Addressing the meeting, MacCormaic advised that it was “extremely complex”. He said, “I’m not a legal mind and not a barrister so we’ve to depend completely on the advice of our legal team at a massive expense. We went to the courts in 2018 and High Court seeking injunction, they were appealed to Supreme Court”. During the lockdown, evictions were paused which allowed “more families” to move into the encampment. “There are a number of issues, health and safety, road safety, planning enforcement, anti-social behaviour, trespassing, all matters which are beyond the housing department”.
He confirmed that they are working with An Garda Síochána on the matter. “We do have a difficulty and we have this all around the county with anti-social behaviour, we can’t get local residents whose lives have been impacted to come forward in writing, it would add greatly to any case if the people directly affected could come forward. Our hands have been tied because of a lack of willingness or a fear of doing so”.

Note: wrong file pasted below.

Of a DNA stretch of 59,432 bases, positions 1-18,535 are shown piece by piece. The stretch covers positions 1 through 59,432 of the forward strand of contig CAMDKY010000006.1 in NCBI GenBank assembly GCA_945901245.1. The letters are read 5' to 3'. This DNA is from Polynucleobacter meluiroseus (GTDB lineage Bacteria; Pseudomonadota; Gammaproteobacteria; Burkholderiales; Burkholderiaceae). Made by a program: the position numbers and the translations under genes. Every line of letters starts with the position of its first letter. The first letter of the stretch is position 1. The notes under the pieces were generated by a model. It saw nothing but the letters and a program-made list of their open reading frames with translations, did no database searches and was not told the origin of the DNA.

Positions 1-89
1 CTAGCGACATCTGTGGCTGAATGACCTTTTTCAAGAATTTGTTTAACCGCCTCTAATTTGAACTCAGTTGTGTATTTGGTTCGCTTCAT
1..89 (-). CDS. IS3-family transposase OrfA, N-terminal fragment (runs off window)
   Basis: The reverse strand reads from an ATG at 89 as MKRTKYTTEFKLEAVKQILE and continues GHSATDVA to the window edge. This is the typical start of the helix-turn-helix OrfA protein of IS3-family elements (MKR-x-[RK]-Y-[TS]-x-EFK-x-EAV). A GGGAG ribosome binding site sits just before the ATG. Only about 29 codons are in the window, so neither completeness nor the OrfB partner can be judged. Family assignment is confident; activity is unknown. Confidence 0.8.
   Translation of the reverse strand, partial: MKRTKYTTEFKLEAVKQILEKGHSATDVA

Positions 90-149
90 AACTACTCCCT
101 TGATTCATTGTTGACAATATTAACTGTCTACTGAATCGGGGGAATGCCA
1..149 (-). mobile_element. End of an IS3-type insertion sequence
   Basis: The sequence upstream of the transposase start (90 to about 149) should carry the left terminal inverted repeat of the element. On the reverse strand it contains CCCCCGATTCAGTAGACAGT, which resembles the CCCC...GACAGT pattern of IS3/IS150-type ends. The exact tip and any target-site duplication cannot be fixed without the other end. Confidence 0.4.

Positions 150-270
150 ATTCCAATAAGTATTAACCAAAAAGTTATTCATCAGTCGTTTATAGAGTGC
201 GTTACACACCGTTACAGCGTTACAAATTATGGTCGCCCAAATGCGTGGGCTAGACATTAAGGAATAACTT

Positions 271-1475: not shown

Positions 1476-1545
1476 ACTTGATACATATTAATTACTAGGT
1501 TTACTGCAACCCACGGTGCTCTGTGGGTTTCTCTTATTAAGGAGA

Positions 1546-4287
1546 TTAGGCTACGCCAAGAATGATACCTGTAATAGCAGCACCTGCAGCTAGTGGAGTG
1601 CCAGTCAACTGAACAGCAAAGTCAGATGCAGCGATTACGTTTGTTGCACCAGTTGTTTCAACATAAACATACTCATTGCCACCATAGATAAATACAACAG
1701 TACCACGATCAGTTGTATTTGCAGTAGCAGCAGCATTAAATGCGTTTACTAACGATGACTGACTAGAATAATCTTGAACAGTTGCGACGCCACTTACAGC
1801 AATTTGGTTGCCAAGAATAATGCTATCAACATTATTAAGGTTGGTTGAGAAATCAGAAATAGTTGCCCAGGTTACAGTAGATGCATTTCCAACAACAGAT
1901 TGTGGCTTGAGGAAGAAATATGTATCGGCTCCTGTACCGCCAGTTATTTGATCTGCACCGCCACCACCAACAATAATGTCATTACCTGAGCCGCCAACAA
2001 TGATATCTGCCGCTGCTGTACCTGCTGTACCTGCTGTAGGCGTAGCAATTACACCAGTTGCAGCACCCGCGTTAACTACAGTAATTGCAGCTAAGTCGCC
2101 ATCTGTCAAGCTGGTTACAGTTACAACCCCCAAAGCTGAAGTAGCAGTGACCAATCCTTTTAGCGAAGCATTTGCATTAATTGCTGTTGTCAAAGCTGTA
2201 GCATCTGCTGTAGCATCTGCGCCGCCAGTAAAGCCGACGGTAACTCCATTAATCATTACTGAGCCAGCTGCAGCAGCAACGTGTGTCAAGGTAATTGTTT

Two caravans have left and a marquee has been removed, Padraig advised. Reports are to be prepared for the Council’s legal team. There are more examples than Ashline across the county, he noted. “Every local authority in the country is watching the case in Clare. Proportionality is the effect of moving people off Council lands and a detrimental effect to their lands, if we can provide housing that they are agreeable to then it will be very difficult to move them”.
He predicted that the matter would likely finish before the Supreme Court, “I can’t predict what a judge will say”. He added, “This is not just in Kilrush Rd, it is a number of locations that have been discussed at Shannon MD and West Clare MD meetings, I get small criticism from residents that we’re not acting fast enough, the legal system is a slow process, everywhere you go you find obstacles”.